Labour court intervenes in hospital action.

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Mid-Western Regional Hospital where the victim this morning's shooting is recovering.

Mid-Western Regional Hospital where the victim this morning's shooting is recovering.
Mid-Western Regional Hospital where the victim this morning’s shooting is recovering.by Bernie English

Currently, the union’s members intend to maintain their limited industrial action in protest at the €250,000 salary paid to the hospital group’s chief operations manager. Staff at five hospitals are refusing to report to, or cooperate with, the manager from this week.

But a union spokesman said this is not interfering with patients or clinics. “The action involves mostly, clerical and administration staff with some managerial and clinical involvement, but patients using the hospital services would not notice anything,” the spokesman told the Limerick Post.

The work-to-rule means staff will refuse to acknowledge instructions from the manager, provide data to him, co-operate with changes directed by his office, or agree to relocate, redeploy or change assignments if instructed.

IMPACT has warned that the action could escalate if staff are penalised for refusing to work with the manager.

The work-to-rule is taking place at University Hospital Limerick, Ennis General Hospital, Limerick Maternity Hospital, Croom Orthopaedic Hospital and Nenagh General Hospital.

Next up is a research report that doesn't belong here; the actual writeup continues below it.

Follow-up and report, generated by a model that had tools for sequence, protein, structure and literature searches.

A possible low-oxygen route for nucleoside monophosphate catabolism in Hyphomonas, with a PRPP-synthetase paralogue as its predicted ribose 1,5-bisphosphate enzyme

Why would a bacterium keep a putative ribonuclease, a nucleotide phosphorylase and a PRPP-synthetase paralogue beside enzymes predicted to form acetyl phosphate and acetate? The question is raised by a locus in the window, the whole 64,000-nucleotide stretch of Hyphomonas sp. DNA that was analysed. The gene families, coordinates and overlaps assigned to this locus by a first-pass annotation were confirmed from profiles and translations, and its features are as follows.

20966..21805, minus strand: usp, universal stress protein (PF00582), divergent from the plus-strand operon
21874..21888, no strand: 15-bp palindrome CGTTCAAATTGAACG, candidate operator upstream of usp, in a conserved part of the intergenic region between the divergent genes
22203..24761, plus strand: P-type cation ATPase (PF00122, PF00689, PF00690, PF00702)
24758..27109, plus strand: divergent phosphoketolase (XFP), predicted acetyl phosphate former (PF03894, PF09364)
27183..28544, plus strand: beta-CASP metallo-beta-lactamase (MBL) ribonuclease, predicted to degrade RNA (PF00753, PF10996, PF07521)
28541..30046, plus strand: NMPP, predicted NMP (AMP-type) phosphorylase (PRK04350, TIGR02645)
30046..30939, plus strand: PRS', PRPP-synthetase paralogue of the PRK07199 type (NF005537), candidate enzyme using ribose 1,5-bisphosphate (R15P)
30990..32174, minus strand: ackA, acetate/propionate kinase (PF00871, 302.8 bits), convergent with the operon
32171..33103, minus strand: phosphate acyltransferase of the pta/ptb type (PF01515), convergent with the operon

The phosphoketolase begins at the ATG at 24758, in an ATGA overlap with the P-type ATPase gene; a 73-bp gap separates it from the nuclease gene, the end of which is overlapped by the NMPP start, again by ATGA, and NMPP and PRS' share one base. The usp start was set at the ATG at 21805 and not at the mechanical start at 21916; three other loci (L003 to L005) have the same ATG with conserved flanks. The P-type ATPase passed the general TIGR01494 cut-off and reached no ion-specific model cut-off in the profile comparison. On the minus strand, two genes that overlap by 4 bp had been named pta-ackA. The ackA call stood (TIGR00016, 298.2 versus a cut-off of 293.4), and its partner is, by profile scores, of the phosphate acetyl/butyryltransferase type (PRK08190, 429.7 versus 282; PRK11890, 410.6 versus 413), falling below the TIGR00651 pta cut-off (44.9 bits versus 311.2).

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The action was supported in a ballot by 90 per cent of the IMPACT members.

IMPACT assistant general secretary Andy Pike said the action was designed to highlight the opposition of hospital staff to the excessive and unwarranted salary payments being made through a management consultancy.

“The HSE director general has said the mid-west hospital group needs additional administration staff to provide vital services to patients. The money spent employing just one management consultant would cover the costs of at least five clerical staff to help the hospitals cope with increasing demands. In these circumstances, staff very much resent reporting to a senior manager who is being paid at least twice the correct rate for the job,” he said.

Mr Pike said the union would be writing again to the Public Accounts Committee, which is investigating the engagement of the manager through Starline, a private sector management company.

“While the hospitals group is expected to take steps to fill the chief operations manager post, it still appears that they are intent on retaining this consultant on a salary way above the proper rate for the job. Our action will continue until we get confirmation that the Starline contract is finished,” he said.

The HSE said that the manager was employed by the management company and as such is not curtailed by the pay-cap.

A spokesman said the HSE intends to re-advertise the role, and HSE director general Tony O’Brien told the Public Accounts Committee last month that it had used an agency-based approach on an interim basis as the position had proved “impossible to fill”.